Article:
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P & A Notes Chap. 4

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P & A Notes Chapter 4

February 07, 2011

Chapter 4 

* Metabolic processes are occurring even when the organism is at rest. (basal metabolic rate)

Anabolic metabolism:
* Allows for growth and repair
* It involves the buildup of large molecules from
smaller ones.
*It uses or requires energy.
*Water is given off.

C6 H12 O6 + C6 H12 O6 ----> C12 H22 O11 + H2O

* Anabolic metabolism is also called dehydration synthesis due to the production of a larger molecule (synthesis) and the loss of water from existing molecules (dehydration).

Catabolic metabolism:
*Digestion is an example.
* It involves the breakdown of large molecules into
smaller ones.
*It gives off energy.
*It uses water.

C12 H22 O11 + H2O ----> C6 H12 O6 + C6 H12 O6

* Catabolic metabolism is also called hydrolysis
because water is consumed & energy is given off.

Enzymes - aid metabolic reactions. They are proteins that lower the energy needed to start these reactions. (activation energy) They also speed up the reaction. Enzymes are needed in small amounts because they are reused.
Enzyme / Substrate Interaction

* Enzymes are specific, they act only on a particular substrate.
The enzyme attaches to its specific substrate forming the enzyme - substrate complex. After the reaction a product is released and the enzyme, which is unchanged may attach to a new substrate.

*3 kinds of energy
1. potential (glucose)
2. activation (enzymes lower)
3. kinetic (energy released)


DNA: holds the information the cell needs to produce enzymes that control all metabolic processes......all life processes....growth, repair, maintenance, development...

* Children look like the parents because genetic information is passed to the children in the form of DNA through the sex cells.

* The portion of DNA that is needed to produce one kind of protein is called a gene.

* The basic building block for the nucleic acids (DNA and RNA) is the nucleotide. Each nucleotide consists of a 5 carbon sugar (ribose or deoxyribose), a phosphate group, and an organic base. (see page 83)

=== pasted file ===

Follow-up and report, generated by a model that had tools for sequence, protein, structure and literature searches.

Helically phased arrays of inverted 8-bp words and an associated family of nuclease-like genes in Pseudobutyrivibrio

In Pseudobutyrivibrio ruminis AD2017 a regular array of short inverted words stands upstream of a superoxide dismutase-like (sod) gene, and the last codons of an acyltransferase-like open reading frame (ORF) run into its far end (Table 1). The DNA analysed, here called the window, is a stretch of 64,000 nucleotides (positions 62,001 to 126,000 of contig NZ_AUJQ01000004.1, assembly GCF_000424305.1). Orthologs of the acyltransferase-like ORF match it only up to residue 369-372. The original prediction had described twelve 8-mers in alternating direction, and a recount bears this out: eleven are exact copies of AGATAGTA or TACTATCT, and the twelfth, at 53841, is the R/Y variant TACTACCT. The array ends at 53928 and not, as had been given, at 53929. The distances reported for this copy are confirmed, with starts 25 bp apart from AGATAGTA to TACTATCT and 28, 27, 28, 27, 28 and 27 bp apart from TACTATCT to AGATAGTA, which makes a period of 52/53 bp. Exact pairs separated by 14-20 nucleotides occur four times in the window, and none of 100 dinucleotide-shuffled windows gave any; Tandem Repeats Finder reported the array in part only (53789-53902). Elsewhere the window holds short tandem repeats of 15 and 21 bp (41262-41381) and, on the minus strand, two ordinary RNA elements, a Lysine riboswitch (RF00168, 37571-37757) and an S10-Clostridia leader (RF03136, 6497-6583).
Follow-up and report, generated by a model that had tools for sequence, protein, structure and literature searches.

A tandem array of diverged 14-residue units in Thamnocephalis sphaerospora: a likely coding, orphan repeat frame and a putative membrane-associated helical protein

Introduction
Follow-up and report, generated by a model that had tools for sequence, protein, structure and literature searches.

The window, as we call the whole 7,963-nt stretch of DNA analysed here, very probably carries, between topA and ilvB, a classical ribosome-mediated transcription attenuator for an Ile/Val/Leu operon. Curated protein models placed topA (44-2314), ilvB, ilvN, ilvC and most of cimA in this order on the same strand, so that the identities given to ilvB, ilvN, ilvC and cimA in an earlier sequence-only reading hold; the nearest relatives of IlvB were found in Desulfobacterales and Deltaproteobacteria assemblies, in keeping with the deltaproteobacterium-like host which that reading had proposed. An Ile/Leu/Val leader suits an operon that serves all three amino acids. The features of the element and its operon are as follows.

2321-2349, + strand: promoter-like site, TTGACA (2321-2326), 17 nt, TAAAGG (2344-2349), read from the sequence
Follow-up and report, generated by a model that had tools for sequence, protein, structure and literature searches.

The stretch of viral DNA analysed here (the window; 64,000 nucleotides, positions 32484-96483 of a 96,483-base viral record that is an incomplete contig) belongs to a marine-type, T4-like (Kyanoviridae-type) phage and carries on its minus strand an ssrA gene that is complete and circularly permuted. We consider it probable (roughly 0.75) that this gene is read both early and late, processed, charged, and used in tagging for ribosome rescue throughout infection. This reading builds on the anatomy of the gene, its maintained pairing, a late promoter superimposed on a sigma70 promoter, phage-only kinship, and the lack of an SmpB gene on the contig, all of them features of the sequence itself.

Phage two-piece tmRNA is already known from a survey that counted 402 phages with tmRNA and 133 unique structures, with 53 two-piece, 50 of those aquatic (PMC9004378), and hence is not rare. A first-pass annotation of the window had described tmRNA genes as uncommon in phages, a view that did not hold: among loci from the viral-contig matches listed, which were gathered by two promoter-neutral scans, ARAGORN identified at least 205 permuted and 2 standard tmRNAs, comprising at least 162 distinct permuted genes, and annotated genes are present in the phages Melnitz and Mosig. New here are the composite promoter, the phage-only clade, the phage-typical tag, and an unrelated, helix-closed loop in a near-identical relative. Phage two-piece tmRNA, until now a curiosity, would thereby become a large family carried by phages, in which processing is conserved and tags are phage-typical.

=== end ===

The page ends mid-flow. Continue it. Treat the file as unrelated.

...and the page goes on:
* the organic base of a DNA nucleotide can be one of four kinds...adenine (A), thymine (T), cytosine (C) and guanine (G)....so there is only four kinds of nucleotides an adenine nucleotide, a thymine nucleotide, etc.

*Adenine will bond only to thymine.

*Cytosine will bond only to guanine.

A DNA strand with the base sequence A, G, T, C would have a complimentary strand of T, C, A, G.

* It is the arrangement of these base pairs that encodes or “programs” the genetic information held in DNA.

* The shape of DNA is double helix.

* The information in a DNA is used to produce protein.

* A protein can be made of up to 20 different amino acids. (page 86 table 4.1)

* To produce a certain protein the amino acids have to be arranged in a particular sequence in the polypeptide chain. ( this is determined by the arrangement of the base pairs.)


RNA molecules:
* Contain ribose sugar are... single stranded, and have uracil (U) nucleotides in place of thymine.

* Messenger RNA (mRNA) - carries the information in a gene’s base sequence from he nucleus to the cytoplasm.

* Transfer RNA (tRNA) - correctly aligns amino acids along mRNA to form proteins.

* Ribosomal RNA (rRNA) - It moves along the mRNA showing tRNA where to place the amino acids.

Protein synthesis:
(Includes both Transcription & Translation)


* The enzyme RNA polymerase attaches to a DNA at the start of a gene. Other enzymes in the nucleus pull apart the DNA exposing the gene.

* RNA polymerase moves along the exposed gene attaching mRNA nucleotides to the complementary DNA nucleotides.

* When RNA polymerase reaches the terminal signal at the end of the gene, the mRNA is complete and it releases the new mRNA molecule.

*DNA zips back shut.

( Amino acids are represented by groups of 3 nucleotides on the DNA. The complementary set of 3 mRNA nucleotides is called codon.)

* Once formed mRNA moves out of the nucleus into the cytoplasm and attaches to a ribosome. This is where translation begins.

( There are 20 different amino acids used in our body, so there is 20 different kinds of tRNA. tRNA serves as guides in the cytoplasm to direct amino acids to mRNA.
The set of 3 nucleotides of tRNA that match-up with mRNA codons are called anticodons.)


* A ribosome binds to the mRNA at the start codon.

* A tRNA with the complementary anticodon attaches to the ribosome and the amino acid it carries is held until a second tRNA binds to the next codon the amino acids are joined by a peptide bond and the first tRNA is released.

* This is repeated again and again as the ribosome moves along the mRNA.

* When the ribosome reaches the stop codon the protein is complete. It is then released, and transported to where it is needed.

DNA replication (see page 89)



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